This will provide you with data-driven insights into the inner workings based on which you can make effective decisions to improve employee experience and boost retention rates. Detecting patterns and uncovering trends in a systematic way is essential to identify opportunities or pitfalls.

4. Focus on Culture

There’s a big reason why companies which are named among the best places to work are so successful. And, that significant reason is the positive corporate culture of the company that helps employees to perform at their best.

A positive culture fosters greater loyalty, helping you retain top talent and also helps you with recruitment efforts. Creating a strong company culture need not be cumbersome or cost a lot of money. Learn this simple lesson from Internet giant Google.

Google built an internal tool to make it easy for its employees (aka Googlers) to recognise one another.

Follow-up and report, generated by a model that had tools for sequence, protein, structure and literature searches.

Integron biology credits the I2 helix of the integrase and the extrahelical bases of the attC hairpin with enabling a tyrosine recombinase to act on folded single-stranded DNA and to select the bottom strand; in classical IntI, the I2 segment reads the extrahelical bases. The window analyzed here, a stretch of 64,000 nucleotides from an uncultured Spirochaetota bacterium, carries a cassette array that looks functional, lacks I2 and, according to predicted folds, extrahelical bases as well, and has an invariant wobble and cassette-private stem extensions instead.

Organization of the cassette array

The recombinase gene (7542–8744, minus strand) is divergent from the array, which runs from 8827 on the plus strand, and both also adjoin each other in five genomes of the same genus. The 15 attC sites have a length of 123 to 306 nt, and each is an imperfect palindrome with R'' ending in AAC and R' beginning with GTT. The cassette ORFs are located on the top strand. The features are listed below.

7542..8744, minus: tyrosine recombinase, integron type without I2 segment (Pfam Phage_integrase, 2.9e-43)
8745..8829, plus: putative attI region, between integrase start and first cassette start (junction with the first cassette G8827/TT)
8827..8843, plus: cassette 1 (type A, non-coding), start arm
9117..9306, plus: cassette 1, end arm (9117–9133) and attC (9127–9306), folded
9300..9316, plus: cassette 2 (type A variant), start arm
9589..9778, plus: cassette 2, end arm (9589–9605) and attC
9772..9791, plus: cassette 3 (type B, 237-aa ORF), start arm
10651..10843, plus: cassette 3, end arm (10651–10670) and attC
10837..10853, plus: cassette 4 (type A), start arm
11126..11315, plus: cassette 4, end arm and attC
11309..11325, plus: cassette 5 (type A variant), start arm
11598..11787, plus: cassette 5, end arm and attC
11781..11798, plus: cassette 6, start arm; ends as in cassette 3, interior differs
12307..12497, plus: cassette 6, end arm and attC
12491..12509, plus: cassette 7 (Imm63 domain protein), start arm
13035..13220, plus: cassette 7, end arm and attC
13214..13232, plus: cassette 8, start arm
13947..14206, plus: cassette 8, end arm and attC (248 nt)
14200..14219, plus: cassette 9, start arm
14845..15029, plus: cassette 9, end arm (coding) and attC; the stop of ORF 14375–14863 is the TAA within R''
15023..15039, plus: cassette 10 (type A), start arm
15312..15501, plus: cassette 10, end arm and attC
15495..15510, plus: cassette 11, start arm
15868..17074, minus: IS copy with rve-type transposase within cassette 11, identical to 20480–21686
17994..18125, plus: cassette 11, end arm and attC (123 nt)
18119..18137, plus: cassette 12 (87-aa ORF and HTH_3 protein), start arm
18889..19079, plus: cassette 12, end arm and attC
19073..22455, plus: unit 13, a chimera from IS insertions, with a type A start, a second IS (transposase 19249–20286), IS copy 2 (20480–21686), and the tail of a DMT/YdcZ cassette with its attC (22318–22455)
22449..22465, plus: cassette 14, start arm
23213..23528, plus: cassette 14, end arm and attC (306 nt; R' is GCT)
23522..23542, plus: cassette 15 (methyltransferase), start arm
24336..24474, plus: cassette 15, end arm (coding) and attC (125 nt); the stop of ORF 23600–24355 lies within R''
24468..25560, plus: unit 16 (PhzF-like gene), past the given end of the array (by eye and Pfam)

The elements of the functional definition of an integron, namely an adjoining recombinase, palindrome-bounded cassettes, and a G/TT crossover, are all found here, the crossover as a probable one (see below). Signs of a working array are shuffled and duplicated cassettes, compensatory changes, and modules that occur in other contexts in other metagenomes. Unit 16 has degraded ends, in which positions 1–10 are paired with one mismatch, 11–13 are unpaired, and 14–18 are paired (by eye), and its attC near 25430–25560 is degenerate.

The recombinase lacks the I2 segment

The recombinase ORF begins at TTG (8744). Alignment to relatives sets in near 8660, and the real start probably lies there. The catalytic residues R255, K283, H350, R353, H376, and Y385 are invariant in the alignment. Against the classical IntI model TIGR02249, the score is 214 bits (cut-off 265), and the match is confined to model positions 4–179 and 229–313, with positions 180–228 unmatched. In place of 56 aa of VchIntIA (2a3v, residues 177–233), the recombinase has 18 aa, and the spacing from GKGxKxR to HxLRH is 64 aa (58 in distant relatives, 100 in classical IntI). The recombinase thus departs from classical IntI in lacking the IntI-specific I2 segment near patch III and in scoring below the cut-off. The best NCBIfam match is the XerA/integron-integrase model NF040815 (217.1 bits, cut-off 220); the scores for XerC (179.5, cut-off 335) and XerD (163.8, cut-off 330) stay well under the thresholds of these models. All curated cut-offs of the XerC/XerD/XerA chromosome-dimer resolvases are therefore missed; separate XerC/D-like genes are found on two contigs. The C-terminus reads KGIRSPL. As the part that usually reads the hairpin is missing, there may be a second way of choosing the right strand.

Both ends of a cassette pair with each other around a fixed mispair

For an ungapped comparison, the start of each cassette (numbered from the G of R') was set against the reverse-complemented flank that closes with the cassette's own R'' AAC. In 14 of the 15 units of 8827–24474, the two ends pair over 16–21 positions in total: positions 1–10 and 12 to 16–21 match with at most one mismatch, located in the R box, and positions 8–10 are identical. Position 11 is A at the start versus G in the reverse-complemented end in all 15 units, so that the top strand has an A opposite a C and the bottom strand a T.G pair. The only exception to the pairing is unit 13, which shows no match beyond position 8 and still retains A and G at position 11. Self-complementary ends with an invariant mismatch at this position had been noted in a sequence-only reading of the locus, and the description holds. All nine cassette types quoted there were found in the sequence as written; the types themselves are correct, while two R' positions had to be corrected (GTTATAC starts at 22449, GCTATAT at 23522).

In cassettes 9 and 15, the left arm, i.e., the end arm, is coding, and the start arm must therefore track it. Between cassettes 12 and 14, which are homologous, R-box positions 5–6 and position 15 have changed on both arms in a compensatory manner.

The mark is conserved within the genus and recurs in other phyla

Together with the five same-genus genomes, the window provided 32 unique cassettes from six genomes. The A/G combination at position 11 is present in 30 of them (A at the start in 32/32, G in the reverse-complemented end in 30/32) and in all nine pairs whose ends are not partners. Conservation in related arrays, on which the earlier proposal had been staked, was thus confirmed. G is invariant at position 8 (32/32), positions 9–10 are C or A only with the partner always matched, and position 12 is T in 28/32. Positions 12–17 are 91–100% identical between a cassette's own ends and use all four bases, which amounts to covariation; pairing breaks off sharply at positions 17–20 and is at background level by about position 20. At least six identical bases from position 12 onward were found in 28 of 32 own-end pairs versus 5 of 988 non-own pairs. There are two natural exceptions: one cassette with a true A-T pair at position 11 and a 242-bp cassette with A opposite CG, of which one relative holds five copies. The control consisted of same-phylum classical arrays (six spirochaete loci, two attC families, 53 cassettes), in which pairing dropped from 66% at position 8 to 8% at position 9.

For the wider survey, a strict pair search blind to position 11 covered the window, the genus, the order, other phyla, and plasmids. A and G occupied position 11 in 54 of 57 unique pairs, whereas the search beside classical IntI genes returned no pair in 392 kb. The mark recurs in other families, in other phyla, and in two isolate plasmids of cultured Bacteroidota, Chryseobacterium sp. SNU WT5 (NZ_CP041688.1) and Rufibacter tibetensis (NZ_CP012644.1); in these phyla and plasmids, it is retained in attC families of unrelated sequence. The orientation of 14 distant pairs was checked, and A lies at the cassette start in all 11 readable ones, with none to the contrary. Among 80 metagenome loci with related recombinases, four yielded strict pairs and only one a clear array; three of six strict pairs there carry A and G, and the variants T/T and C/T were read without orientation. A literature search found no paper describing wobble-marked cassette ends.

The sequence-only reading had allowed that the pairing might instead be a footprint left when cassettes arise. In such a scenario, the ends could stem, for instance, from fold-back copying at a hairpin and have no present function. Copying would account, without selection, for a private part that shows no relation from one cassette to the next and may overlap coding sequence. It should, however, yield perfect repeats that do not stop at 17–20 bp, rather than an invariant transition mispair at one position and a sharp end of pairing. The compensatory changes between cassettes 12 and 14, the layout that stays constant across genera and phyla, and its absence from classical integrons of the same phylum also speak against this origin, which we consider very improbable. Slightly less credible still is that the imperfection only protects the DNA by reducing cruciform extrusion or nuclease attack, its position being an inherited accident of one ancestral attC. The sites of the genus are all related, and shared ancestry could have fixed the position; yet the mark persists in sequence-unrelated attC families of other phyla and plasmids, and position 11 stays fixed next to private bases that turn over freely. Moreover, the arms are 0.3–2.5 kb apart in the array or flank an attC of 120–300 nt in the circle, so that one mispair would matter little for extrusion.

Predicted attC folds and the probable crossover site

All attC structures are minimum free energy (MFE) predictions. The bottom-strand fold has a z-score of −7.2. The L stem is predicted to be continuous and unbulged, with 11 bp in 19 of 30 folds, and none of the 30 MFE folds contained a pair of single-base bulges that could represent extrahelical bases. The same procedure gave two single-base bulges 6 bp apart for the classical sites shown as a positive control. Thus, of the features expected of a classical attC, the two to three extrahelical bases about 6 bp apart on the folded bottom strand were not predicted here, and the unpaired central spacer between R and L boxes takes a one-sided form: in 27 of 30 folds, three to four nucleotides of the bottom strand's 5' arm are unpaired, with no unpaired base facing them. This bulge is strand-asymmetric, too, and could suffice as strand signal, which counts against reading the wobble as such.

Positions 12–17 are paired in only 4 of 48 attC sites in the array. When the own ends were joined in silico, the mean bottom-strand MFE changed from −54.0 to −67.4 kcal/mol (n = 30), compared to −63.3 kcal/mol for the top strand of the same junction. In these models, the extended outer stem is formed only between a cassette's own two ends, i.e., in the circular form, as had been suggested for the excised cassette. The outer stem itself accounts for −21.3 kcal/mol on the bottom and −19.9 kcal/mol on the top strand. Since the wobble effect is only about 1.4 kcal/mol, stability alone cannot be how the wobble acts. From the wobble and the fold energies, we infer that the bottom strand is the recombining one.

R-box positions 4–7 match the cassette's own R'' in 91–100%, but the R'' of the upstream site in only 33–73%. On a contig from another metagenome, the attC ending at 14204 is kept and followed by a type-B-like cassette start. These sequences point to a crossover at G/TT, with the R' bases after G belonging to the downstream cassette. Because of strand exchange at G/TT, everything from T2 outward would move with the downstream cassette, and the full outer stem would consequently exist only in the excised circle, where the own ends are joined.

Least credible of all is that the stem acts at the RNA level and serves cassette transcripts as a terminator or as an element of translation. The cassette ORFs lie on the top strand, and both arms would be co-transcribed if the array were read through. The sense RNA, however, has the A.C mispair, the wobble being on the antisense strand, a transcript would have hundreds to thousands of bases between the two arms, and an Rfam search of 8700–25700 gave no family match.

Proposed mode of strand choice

It’s appropriately named gThanks. With gThanks, anyone can tag a team member and publish it to a feed by hitting “kudos”. Instead of speaking privately or sending an email, it gives employees an opportunity to appreciate and acknowledge the contributions of their colleagues.

This helps give more visibility to great work and positively inspires others as well.


5. Two-Way Communication

It is essential to keep your employees informed. However, many companies choose old-school communication methods and daily huddles where managers typically deliver news about the company or dictate the upcoming tasks for the week.

Communication should be two-way and employees should be encouraged to ask questions and express their opinions about business operations. Open communication lines are very vital for positive employee experience.

Creating technology-based communication channels like custom feeds about company or social media style chat functions can help in this regard.

6. Support Continuous Development